Note: The blog is based upon the seminar by the same name that I present at RV rallies around the country.
Why do you RV? To visit friends and family in far off places? To have your own mobile lodging when you visit theme parks or natural attractions? To have a way to escape cold northern winters while you soak up the warmth of the sunbelt? Have you sold your stick-and-brick home and moved into your RV fulltime? There are many reasons to travel in a recreational vehicle, either full or part time. Your home on wheels can be a magic carpet carrying you away to adventures wherever the road leads. For some, enjoying whatever adventures they encounter along the way is enough to keep them happy and occupied. For others, their RV helps them fulfill goals.
Many RVers we have met in our travels have combined the RV lifestyle with their hobbies or special interests. The ability to be mobile enhances their experiences and allows them to become a part of things they might have only been able to read about otherwise. Some set special goals to accomplish as they travel.
Our country is a treasure chest of historical sites and natural wonders, and an RV takes us right there, where the cannons thundered and the buffalo roamed. If your special interest is bluegrass music, square dancing, wood carving, exploring Civil War battlefields, or visiting the homes and graves of our past presidents, your RV can take you where the action is.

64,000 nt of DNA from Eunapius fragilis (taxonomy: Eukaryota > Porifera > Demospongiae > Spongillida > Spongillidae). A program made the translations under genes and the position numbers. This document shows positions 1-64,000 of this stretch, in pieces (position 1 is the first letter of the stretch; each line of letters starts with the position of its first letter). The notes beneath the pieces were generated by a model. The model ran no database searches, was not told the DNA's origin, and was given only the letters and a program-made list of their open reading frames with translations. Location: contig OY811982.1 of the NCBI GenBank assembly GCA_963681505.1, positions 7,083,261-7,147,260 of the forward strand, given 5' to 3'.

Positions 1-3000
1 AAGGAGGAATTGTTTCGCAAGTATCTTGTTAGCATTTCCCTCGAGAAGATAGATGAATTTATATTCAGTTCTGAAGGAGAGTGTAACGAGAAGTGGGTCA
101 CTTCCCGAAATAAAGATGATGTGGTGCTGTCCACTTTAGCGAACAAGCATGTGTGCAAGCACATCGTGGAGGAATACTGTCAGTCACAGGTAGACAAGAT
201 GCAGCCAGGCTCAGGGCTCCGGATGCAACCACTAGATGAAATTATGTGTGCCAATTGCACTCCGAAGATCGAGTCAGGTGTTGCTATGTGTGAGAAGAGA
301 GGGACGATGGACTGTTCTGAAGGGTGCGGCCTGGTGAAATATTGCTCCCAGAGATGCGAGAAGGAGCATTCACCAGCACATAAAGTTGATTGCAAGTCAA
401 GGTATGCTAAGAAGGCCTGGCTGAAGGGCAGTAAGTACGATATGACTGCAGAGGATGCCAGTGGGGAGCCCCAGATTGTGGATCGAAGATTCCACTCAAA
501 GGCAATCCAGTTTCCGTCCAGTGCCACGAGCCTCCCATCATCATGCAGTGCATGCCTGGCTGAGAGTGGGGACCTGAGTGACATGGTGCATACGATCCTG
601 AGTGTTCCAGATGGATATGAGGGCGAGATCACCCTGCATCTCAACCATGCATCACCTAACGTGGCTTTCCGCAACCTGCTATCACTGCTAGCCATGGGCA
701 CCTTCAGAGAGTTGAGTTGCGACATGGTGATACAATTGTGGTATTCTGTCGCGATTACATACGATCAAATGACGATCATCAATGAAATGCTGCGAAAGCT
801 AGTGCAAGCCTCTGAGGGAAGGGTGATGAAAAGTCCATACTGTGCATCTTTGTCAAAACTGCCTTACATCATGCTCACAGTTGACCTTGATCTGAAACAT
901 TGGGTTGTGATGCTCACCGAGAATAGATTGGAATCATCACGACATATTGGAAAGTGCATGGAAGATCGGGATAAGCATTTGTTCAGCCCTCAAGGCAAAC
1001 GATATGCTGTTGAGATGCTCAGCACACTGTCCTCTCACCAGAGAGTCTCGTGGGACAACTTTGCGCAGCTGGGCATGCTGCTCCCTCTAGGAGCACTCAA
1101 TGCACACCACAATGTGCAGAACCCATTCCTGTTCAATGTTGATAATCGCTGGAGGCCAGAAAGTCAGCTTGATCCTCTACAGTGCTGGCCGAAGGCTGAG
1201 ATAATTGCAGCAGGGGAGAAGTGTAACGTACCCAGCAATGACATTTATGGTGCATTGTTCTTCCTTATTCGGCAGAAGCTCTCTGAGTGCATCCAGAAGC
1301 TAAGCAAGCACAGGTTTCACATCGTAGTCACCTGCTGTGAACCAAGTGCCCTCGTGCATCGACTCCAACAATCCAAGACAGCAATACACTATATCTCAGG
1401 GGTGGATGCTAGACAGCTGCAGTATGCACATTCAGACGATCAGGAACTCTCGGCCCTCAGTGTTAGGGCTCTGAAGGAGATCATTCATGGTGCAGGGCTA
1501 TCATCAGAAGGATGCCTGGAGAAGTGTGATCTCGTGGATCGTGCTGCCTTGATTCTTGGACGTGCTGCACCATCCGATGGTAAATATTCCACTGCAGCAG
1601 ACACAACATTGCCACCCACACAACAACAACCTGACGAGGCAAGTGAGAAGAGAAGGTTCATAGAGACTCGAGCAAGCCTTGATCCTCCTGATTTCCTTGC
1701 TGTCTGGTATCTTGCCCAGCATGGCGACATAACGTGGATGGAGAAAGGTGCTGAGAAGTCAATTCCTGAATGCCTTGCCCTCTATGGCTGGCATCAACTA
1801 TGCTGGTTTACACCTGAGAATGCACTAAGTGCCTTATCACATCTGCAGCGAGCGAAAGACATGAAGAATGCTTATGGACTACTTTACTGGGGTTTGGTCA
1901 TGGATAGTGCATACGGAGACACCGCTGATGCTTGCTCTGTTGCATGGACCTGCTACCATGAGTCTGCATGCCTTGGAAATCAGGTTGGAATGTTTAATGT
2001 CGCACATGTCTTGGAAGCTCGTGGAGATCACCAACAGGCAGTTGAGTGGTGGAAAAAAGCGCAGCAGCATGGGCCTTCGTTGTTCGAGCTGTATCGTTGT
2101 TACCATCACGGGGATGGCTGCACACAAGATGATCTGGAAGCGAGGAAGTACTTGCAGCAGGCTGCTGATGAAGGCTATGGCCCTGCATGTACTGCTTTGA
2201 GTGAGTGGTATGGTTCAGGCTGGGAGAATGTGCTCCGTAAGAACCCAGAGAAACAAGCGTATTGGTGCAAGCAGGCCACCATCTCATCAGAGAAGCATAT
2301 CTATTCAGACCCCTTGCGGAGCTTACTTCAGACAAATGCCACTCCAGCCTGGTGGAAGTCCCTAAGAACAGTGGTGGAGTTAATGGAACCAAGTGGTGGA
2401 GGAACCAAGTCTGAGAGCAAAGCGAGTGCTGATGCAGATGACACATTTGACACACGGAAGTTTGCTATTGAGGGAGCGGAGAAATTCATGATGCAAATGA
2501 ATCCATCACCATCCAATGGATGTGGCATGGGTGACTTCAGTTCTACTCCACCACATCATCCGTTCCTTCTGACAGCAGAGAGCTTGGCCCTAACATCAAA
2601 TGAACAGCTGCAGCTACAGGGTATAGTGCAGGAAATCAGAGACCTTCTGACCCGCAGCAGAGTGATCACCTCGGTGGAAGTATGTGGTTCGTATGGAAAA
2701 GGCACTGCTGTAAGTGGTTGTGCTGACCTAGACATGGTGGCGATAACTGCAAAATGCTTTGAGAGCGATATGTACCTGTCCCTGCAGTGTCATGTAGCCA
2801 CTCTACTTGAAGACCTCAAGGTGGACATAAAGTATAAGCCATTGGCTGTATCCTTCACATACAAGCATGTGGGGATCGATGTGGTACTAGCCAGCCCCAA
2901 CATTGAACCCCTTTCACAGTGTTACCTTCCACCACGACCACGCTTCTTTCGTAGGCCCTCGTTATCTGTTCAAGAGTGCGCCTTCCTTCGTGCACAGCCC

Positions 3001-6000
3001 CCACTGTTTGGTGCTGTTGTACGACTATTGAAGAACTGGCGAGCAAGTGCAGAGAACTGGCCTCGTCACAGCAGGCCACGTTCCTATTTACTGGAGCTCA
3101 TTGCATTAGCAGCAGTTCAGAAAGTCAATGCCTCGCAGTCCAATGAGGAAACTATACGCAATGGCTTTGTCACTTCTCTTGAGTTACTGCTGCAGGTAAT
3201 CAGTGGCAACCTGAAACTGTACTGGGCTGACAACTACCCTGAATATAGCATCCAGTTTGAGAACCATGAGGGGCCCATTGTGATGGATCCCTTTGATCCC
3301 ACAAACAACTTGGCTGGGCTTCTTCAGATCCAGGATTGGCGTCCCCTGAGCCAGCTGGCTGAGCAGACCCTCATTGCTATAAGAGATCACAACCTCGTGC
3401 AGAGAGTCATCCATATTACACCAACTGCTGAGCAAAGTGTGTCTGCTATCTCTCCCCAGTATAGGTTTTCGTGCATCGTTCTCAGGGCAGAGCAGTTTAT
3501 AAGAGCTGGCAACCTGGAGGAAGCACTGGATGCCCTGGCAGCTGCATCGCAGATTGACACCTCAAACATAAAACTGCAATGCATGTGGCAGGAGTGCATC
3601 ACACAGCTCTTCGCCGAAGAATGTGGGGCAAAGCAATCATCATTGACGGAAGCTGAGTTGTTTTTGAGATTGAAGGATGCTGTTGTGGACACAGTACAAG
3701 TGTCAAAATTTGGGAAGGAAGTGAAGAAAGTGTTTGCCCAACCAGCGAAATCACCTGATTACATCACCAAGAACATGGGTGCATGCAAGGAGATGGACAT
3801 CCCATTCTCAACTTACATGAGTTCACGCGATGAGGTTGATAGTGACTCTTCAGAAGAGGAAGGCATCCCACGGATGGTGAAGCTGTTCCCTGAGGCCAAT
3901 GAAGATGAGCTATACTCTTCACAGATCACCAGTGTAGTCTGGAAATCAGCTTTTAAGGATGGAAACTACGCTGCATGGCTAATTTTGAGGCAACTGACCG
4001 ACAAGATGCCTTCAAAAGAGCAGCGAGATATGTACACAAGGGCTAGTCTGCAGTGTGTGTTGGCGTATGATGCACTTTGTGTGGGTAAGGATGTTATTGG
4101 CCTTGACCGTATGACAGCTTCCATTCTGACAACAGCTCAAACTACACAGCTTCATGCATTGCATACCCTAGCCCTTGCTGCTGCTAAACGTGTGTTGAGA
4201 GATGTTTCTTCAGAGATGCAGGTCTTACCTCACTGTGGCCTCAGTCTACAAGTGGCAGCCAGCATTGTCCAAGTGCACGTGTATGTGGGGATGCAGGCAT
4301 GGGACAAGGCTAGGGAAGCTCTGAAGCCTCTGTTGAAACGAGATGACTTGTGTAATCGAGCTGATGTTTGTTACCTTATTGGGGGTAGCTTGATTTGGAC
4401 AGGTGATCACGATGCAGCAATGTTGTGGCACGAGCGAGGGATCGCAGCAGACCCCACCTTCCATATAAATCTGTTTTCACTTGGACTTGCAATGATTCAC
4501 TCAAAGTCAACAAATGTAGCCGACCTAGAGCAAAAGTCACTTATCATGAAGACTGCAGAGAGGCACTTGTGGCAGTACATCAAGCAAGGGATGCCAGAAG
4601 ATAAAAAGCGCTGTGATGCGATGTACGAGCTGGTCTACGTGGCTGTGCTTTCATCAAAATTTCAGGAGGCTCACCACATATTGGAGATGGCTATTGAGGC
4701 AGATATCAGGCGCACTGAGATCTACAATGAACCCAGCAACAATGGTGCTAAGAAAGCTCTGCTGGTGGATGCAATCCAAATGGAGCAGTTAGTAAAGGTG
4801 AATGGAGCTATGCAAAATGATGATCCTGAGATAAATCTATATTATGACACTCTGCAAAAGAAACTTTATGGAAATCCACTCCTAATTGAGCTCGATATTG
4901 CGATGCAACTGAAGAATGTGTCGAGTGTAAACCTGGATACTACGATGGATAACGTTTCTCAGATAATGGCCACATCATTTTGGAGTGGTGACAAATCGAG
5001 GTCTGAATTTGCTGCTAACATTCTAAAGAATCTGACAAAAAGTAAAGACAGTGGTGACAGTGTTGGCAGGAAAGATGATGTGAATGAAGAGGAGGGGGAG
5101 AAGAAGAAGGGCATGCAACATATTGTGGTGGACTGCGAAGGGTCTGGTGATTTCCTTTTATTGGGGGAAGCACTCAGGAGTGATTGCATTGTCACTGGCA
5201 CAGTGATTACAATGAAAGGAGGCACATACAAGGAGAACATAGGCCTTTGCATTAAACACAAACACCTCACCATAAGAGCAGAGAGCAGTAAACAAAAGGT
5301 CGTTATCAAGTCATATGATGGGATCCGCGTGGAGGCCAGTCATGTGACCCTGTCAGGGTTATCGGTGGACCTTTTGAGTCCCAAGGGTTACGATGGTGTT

For those enamored with history, visiting all of the major (and minor) locations associated with a particular time period can be a goal. One could easily spend several seasons wandering through New England and down the east coast visiting historical places from the Revolutionary War era. In Boston we walked the Freedom Trail past Paul Revere’s home, to the Old North Church where signal lanterns alerted riders to the movement of British troops, and to Bunker Hill. In nearby Lexington and Concord, we walked across the bridge where the first shots of the Revolution were fired, and stood on Lexington Green, where Patriots confronted Redcoats.
The southeastern United States saw most of the major and minor battles of the Civil War, and it would take a long time to tour the old battlefields of the South before one even set off for the scenes of more distant clashes in places like Gettysburg, or as far away as Arizona, where Union and Confederate soldiers met in a brief, bloody engagement at Picacho Peak.
Some RVers have a goal of visiting the homes and/or graves of our former presidents. It is one thing to know who Abraham Lincoln was and what the history books have taught us. It is something else entirely to stand before his grave and pay your respects to the Great Emancipator in person.
If you are interested in Native American culture, you can visit Indian reservations all over the country, follow the Trail of Tears from North Carolina to Oklahoma, or watch Navajo herd sheep and weave blankets the traditional way in Arizona.